Most of us don’t do much talking while we dance. But, social dancing does require at least some verbal communication. In this list, we cover 10 things you should avoid saying to your dance partners.
1. “This is how you do ______.”
Except for very limited circumstances, stopping a dance to explain a concept to your partner is inappropriate. Even if you are a teacher who knows what you’re saying is true, it’s still almost always inappropriate. Avoid floor teaching wherever possible.
2. “Oh baby… you’re so sexy in my arms.”
I have one friend who does this as a joke with close friends only. Even then, it’s borderline and usually earns him a glare.
There may be an exception to the creepiness if it’s someone you are intimate with. But, even then, the middle of a dance is generally not the time or place for verbal sexual overtures. If your partner isn’t feeling the love, it’s a sure way to create the most awkward dance experience ever.
3. Grunts, growls, animal sounds, or sex noises
Need I say more? Don’t do this. Ever. *Growls menacingly*.
4. “It’s OK. I got you.”
This one specifically applies to when someone is trying to make their partner do something they’re uncomfortable with. For example, head movements, dips, drops, or lifts.
If you have to say “It’s OK. I got you,” it means either your partner doesn’t feel like you’ve got them, or that they don’t want to do the thing. So – and here’s the important part – don’t do that thing.
5. “Come on, get closer.”
I don’t care what dance you do. If a partner doesn’t want to get close, you don’t make them get close. End of story. If you really can’t stand dancing a bit further apart, the solution is simple: don’t dance with them again. But, your happy place should not be at the expense of your partner’s comfort.
6. “Why won’t you dance with me?”
If someone rejects you for a dance, please don’t ask why. Potential partners are allowed to reject a dance, and it makes things more awkward if they’re forced to give a reason. Or, it may result in them giving you a ‘pity dance’ because they feel guilty.
Sometimes people legitimately don’t really have a reason other than “I’m tired,” “I’m not feeling the song,” etc. So, trying to mine for ‘extra data’ on why they’re not dancing with you is futile.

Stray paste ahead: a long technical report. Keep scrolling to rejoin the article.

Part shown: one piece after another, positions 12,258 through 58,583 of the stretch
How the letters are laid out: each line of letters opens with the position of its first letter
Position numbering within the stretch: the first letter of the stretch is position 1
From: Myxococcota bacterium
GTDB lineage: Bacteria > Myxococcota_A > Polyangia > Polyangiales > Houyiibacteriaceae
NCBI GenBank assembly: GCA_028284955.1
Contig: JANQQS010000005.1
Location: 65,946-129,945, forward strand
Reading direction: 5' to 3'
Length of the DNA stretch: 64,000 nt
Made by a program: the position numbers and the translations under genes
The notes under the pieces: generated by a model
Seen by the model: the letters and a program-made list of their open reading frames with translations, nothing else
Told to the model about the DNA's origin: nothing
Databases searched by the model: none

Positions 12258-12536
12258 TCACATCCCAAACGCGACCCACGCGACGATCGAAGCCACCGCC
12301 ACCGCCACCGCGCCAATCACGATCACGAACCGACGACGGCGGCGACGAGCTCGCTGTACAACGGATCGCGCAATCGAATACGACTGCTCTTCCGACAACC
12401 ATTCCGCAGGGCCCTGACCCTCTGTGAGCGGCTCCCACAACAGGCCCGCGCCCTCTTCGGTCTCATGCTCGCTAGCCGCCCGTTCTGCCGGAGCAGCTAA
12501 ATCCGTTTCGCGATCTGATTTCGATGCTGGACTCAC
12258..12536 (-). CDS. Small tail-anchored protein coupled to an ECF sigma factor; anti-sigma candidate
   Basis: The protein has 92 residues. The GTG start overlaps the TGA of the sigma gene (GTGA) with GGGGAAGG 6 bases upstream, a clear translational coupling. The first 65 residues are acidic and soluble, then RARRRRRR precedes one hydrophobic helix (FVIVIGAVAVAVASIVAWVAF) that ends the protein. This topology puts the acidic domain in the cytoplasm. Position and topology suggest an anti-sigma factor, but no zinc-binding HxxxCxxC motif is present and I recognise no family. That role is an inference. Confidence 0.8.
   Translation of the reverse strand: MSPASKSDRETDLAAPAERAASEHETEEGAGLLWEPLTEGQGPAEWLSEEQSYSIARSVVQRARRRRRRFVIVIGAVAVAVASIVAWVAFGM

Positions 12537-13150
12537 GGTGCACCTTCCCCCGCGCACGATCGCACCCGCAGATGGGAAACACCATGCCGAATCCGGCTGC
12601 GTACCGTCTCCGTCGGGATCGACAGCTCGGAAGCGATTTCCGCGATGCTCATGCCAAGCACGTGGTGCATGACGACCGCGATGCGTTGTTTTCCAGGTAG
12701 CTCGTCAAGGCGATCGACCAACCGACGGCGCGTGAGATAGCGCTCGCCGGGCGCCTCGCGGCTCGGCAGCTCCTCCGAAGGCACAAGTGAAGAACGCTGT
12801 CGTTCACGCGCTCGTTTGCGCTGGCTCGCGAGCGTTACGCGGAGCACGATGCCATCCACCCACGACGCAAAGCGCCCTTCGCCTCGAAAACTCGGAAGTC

Other times they may have a reason, but are trying to spare your feelings by not stating it. By prying further, they’ll either a) lie; or b) be blunt and bruise your ego because they’re fed up with the guilt trip. Once again, it’s somewhat of a lose-lose situation.
7. “I’m going to do ____ next.”
This is for the leaders.
Please don’t tell me what you’re going to do unless there’s a serious reason for doing so. For example, some dance cultures like it when partners ask for consent for close hold, dips, etc. Others communicate this non-verbally.
But, as a follow, I don’t need to know about every single lateral, cross-body turn, swingout, sugar push, ocho, etc. that you’re going to lead. Even if you’re nervous or not sure if it’s going to work, I generally prefer you try the physical (instead of verbal) lead.
Some leads substitute this by saying “let’s see if this works” or “I’m going to try something new.” If you’re worried about making a mistake and want to relieve the pressure, this can be a great way to do it without narrating your dance.
8. “Sorry for the bad dance.”
This one is usually born out of insecurity. And yes, I’m guilty of it too.
If you’ve actually hurt someone or made a big mistake, apologize and move on. For example, crashing into another couple, twisting, grabbing, or other in-dance mistakes can reasonably be accompanied by a ‘sorry’.
But, ending the dance with “sorry” undermines the experience you’ve had with the other person. If you’re overcome by the need to say sorry, try saying “Thank you for such a wonderful dance” instead. Compliments are generally nicer to receive than apologies.
9. “You’re so much better than me.”
This is similar to the “I’m sorry” at an end of the dance.
If you’re dancing with someone, it really doesn’t matter who the stronger dancer is. It’s a shared experience for both of you. But, if you compare yourself to your partner, it can create a sense of awkwardness. Instead, try a full compliment. Maybe say “I’ve been looking forward to dancing with you” or “I really admire your dancing”.
If you’re worried about your own dancing, you can also say things like “I’m a beginner,” “I’m injured,” or “I’m really rusty” to take the pressure off without putting your partner in an awkward position.
10. “You suck.”
I really, sincerely hope that this one doesn’t need to be said. But, I’m including it anyway.
Please: don’t tear down your partner’s self-esteem on the dance floor. Even if you think they’re egotistical, the dance floor is not the place to bring it up.
Caveat: If someone is hurting you, putting you at risk, or is disrespecting personal boundaries, speak up. That doesn’t mean you have to be mean – but always keep yourself safe on the floor.
Are there things we missed? What are your biggest peeves when it comes to dance floor communication? Leave your thoughts in the comments.